Also I'll add this even though I'm sure you're aware of it. If your new version turns out to be better you can simply keep the pgn of its games against the gauntlet. Then when you come to test a new version you only need to play the new engine against the same opponents and compare to the saved pgn.

I also like to do a round-robin of the opponent engines in the gauntlet before I do any testing. I then pass this pgn into the elo calculator along with the other two mentioned above. I have no idea if this affects the ratings but it seems to me that it cannot harm.

* If the elo of the 'sensible' version is negative, but not as negative as this 'control' version we know there might be some benefit to be had if only we could speed up the pattern recognition.
If you keep the pgn as you propose, you are basically choosing method 1. The downside is that each later version is being compared to the winner of the previous match. Suppose two identical copies of your engine are tested in a gauntlet, with one getting an elo of 3020 and the other 3030, just due to sample error, but you don't know they are identical. The best estimate of the true strength is obviously 3025, but you keep the version that got 3030. Now you make a small change that improves the play by one elo. Let's assume it gets the expected result of 3026. This looks like a four elo backward step just because you are comparing to the lucky version. That is the argument for method 2, which requires that the "best" version be retested each time along with the new candidate. But of course this seems like a waste of resources.
So, which way is better? I don't know.

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Re: Another testing question

Post by lkaufman » Sun Sep 23, 2012 8:21 pm

hgm wrote:I would not be quick discarding versions that are not clearly enormously better. The effects of improvements are often highly additive. So if I made a change in my version O which produced A, and it is not really conclusive whether it is an improvement or not, when I wanted to test a change B, I would actually make it both in O and A, to get new programs B and AB. I would then test B and AB in the gauntlet, each with half the number of games. This tests change B in the full number of games, but at the same time also adds more games to testing change A, as you play games with versions that have A, as well as versions that don't. This way you can both keep A and leave it out in tests for many subsequent new changes, increasing the accuracy in the value of A basically for free. After evaluating 10 other changes, you now will have 10 times as many games for the A evaluation, making it much easier to decide whether you should keep or discard it.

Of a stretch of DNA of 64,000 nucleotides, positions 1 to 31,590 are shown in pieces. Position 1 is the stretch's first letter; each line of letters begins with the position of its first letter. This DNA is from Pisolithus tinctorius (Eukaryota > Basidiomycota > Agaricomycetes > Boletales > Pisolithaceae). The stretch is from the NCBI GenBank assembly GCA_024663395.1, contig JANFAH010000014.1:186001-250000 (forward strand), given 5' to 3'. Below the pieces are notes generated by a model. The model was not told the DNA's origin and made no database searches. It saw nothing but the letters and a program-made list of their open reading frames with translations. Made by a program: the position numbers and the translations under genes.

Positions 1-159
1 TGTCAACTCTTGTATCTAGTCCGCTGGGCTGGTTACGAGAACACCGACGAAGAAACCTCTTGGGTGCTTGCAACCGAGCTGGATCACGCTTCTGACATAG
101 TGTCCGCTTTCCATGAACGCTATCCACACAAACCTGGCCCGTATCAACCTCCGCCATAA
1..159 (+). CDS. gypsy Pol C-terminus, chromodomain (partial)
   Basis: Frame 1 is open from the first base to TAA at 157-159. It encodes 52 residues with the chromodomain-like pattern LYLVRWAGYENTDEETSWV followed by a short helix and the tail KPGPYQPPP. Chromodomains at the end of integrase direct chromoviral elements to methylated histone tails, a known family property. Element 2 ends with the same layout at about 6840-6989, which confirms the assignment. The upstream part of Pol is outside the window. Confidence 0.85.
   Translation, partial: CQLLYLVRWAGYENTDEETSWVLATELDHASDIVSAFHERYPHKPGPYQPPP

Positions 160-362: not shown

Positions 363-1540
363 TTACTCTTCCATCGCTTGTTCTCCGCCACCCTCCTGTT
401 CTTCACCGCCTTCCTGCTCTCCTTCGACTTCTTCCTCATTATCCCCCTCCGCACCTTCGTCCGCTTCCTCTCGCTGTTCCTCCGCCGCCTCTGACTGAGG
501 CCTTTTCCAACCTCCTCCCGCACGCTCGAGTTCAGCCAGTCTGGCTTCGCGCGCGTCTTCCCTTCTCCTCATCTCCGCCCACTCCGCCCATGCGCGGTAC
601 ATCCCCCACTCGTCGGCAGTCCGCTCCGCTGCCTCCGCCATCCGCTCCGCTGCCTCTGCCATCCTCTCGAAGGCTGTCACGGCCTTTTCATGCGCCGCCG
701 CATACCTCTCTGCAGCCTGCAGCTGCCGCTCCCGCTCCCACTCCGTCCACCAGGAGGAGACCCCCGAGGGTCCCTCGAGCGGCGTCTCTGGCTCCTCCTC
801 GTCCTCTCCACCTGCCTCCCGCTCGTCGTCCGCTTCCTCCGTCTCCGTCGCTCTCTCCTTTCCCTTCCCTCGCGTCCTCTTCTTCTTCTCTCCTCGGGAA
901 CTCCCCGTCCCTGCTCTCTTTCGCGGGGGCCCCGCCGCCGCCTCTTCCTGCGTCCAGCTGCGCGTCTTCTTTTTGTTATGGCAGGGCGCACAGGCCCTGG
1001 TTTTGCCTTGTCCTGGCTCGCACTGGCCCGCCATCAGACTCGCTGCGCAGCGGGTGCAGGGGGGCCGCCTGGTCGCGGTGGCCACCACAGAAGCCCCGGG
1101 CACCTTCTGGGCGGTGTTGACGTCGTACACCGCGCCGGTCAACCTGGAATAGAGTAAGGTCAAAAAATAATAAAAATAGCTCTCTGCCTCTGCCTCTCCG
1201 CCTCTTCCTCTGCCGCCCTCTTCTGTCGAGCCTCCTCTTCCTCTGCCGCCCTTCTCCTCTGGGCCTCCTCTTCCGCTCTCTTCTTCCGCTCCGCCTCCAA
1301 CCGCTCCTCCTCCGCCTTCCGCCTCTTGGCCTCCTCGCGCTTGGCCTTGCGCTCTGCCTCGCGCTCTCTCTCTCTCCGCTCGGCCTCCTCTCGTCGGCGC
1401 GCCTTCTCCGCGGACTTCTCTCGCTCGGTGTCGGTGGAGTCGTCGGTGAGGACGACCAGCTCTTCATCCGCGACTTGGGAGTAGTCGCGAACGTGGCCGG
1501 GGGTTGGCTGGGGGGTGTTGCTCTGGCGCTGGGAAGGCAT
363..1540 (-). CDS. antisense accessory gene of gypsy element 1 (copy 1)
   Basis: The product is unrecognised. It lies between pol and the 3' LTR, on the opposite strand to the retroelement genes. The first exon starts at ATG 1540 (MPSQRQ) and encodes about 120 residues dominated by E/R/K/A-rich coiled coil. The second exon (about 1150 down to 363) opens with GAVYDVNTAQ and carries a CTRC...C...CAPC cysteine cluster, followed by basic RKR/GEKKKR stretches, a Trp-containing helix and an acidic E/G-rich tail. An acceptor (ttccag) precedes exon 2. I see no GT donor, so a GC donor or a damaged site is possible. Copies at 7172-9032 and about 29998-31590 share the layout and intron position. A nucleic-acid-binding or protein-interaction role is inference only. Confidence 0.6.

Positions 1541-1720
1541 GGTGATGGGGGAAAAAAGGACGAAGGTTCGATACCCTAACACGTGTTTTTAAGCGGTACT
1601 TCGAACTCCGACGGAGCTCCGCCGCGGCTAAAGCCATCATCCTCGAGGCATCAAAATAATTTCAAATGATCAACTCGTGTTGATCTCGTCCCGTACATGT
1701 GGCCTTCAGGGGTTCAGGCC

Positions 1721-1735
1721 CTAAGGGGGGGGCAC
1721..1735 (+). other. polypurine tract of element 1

That is a very interesting idea, one which we have occasionally tried in the past, but perhaps we should do so more often. The problem is that when most of your changes are within the margin of error, it quickly becomes unwieldy to make too many versions and have to keep track of all the permutations etc. It's a tradeoff of engine time vs. human time.
But this does not address the basic question, which is whether it is advisable to constantly compare to the best result ever obtained against the gauntlet, or should a new test be started each time, discarding the data that led to the promotion of a new candidate engine?

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hgm
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Re: Another testing question

Post by hgm » Sun Sep 23, 2012 9:28 pm

What I once did is make an engine that took its eval parameters from the command line, and used them in the name it presents (which will show up in the PGN). Then I held a big round-robin between dozens of differently configured versions.

In particular I did this for 5x5 mini-Shogi, where I had no idea about the piece values, and turn-over of material is so fast that no imbalance survives for more than two or three moves. What I did is make versions that had permuted the 4 basic piece types in all possible orders, value-wise, and combined it with a high and a low Pawn value. That produced 48 engines. Each engine played only 94 games, but for each piece pair (A,B) half the games in the entire round robin had either A>B or A<B. So I compared the scores of those two sets of games (47*48 games in each set). That worked like a charm.

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Re: Another testing question

Post by kbhearn » Sun Sep 23, 2012 9:51 pm

If you can avoid your reference version changing much you could have its elo tested to a relatively low error bar. Assuming most of your changes are minor and relatively orthogonal to each other, you could then test reference vs reference + one change without rerunning reference through the gauntlet until you have enough successful changes that you feel it's time to roll the changes together and make a new reference version.